Tenancy may be over, but Bank of America legacy could linger on

Miami /
Jan.January 21, 2010 01:13 PM

After losing its anchor tenant, the Bank of America Tower at International Place Miami has a new name, which its owners hope won’t be in place very long.

Fairchild Partners, the management team for newly christened Miami Tower, is actively negotiating to find a new tenant that could assume the lucrative naming rights, after Bank of America’s departure, but the current climate may yield few results.

Management for Miami Tower — acclaimed for its changing palette of exterior lighting schemes — will give the first tenant to sign a lease for at least 80,000 square feet the naming rights at no additional cost. Miami Tower can offer up to 76,000 square feet of contiguous space per floor.

“We are looking for credible, viable tenants whether it’s a bank or a financial entity or a Latin American company headquarters. Any of those would work,” said Tony Puente, senior vice president of Miami’s Fairchild Partners, the commercial real estate services firm that manages leasing and marketing for Miami Tower.

Puente and Miami Tower’s owner, Wealth Capital Management, expressed optimism about the prospects of a namesake for the landmark office building in the heart of Downtown Miami, but industry watchers aren’t convinced that Miami Tower will change its name any time soon.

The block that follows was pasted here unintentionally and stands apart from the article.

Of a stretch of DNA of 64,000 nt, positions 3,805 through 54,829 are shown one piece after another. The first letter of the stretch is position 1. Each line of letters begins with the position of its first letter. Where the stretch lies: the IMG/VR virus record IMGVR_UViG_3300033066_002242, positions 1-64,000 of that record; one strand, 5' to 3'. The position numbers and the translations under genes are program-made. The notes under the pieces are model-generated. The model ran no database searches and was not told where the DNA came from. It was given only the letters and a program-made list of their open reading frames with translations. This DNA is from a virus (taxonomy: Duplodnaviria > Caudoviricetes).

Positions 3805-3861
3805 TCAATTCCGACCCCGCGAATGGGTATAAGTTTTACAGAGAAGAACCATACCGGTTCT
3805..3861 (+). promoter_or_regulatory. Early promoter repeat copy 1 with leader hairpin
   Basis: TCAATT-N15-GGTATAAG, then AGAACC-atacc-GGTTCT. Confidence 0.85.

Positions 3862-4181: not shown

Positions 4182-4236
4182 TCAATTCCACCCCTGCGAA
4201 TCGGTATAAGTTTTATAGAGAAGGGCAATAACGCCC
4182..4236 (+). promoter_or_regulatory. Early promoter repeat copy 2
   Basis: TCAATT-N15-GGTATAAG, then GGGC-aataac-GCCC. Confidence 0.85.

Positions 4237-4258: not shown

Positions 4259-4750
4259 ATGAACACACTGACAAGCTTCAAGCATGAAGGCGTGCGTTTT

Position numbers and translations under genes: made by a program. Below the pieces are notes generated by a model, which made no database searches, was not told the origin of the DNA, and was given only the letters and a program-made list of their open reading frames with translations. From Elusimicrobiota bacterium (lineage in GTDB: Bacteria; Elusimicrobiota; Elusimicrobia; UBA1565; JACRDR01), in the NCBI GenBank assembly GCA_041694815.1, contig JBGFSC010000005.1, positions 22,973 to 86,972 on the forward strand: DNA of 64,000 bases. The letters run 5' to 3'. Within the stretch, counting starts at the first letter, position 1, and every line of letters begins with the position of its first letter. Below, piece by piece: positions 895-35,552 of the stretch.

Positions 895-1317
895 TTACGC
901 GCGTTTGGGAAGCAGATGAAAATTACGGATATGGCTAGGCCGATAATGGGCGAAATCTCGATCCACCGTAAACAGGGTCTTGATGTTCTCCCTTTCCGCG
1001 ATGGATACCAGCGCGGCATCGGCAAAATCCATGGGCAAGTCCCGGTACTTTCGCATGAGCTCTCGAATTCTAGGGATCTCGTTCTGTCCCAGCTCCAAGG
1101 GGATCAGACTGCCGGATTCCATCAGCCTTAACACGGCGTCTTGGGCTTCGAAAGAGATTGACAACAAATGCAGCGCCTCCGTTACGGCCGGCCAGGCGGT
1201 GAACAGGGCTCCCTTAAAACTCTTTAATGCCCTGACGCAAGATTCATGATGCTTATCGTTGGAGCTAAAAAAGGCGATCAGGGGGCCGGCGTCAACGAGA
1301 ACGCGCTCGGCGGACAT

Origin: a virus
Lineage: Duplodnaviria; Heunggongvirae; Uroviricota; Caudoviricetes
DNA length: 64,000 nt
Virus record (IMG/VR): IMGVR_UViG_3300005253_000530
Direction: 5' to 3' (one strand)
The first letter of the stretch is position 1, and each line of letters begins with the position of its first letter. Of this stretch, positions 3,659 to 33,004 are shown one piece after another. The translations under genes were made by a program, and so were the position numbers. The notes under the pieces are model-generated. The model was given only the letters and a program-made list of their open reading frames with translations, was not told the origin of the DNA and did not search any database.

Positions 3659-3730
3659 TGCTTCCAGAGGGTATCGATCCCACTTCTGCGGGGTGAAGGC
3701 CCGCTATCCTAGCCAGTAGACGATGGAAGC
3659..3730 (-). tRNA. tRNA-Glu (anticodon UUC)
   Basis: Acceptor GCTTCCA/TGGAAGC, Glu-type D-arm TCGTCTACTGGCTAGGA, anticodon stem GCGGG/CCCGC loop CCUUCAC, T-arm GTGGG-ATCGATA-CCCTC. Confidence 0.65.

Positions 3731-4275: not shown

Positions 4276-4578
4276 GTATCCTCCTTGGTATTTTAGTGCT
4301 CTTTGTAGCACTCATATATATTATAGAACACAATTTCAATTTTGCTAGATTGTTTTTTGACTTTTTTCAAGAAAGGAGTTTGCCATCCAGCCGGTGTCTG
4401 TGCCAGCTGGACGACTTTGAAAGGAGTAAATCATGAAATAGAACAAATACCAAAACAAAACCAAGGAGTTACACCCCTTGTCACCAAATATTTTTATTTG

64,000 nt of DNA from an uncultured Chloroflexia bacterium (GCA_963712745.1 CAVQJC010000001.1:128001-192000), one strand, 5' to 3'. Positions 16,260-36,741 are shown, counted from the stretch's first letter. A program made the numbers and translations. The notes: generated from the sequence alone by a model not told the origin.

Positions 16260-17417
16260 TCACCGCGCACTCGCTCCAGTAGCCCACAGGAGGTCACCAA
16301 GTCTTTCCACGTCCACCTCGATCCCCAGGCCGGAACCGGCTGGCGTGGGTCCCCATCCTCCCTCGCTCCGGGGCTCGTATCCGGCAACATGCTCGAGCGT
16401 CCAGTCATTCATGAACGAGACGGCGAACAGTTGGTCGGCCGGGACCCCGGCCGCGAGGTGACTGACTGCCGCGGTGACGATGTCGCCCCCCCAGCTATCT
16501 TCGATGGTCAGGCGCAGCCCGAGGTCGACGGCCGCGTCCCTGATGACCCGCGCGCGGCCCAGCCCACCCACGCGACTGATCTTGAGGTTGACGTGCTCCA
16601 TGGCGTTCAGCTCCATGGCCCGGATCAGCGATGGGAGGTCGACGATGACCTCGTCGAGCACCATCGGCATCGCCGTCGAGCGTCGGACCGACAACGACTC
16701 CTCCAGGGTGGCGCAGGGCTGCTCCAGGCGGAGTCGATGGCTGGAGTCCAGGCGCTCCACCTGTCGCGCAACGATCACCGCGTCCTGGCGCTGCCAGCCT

That means that on a practical level, the building — named “Building of the Year” for the last three years by the Building Owners and Managers Association — will remain the Bank of America Tower in common parlance, despite its anodyne new moniker of Miami Tower.

One challenge is the market.

Beyond the rising vacancy rates and 2 million square feet of new office space coming online this year, the market features few mega leasing deals these days. It’s a small- to mid-sized tenant market, said Steve Hurwitz, senior vice president at Continental Real Estate, a full-service commercial real estate firm in Coral Gables. There are a limited number of potential tenants for 80,000 square feet of space.

“I wouldn’t be surprised if, at the end of the day, the criteria for extending that signage is altered somewhat because there are more tenants looking for 40,000- to 50,000-square-footers, and will be for the next couple of years,” Hurwitz said. “Traditionally, less than half of South Florida tenants lease more than 5,000 square feet. So even in a good market there aren’t many tenants to choose from.”

Jim Soble, a partner at the law firm Ruden McCloskey in Tampa, is not convinced Miami Tower can even find a 60,000-square-foot tenant in a down market. Miami Tower’s best bet may be another bank, he said. Banks typically want the privilege of naming rights and the presence of the bank tends to draw professional services firms to a building.

“Some smaller, community banks are expanding, as are international banks,” Soble said. “It’s possible that Miami Tower could attract a foreign bank into the marketplace, and that might be an attractive tenant. In any case, I am sure there’s going to be a lot of new rules with respect to tenancies and naming rights and length of leases because of the current market.”

Despite the name change, it’s possible that Bank of America, which in March vacated 90,000 square feet of office space in Miami Tower to consolidate in its existing space at 701 Brickell Avenue, may continue to reap the benefits of having been the building’s anchor tenant for so many years. Just, as many still call Chicago’s Willis Tower by its original name — the Sears Tower –many international and local investors and residents may continue to think of the iconic building as Bank of America Tower at International Place Miami for years to come.


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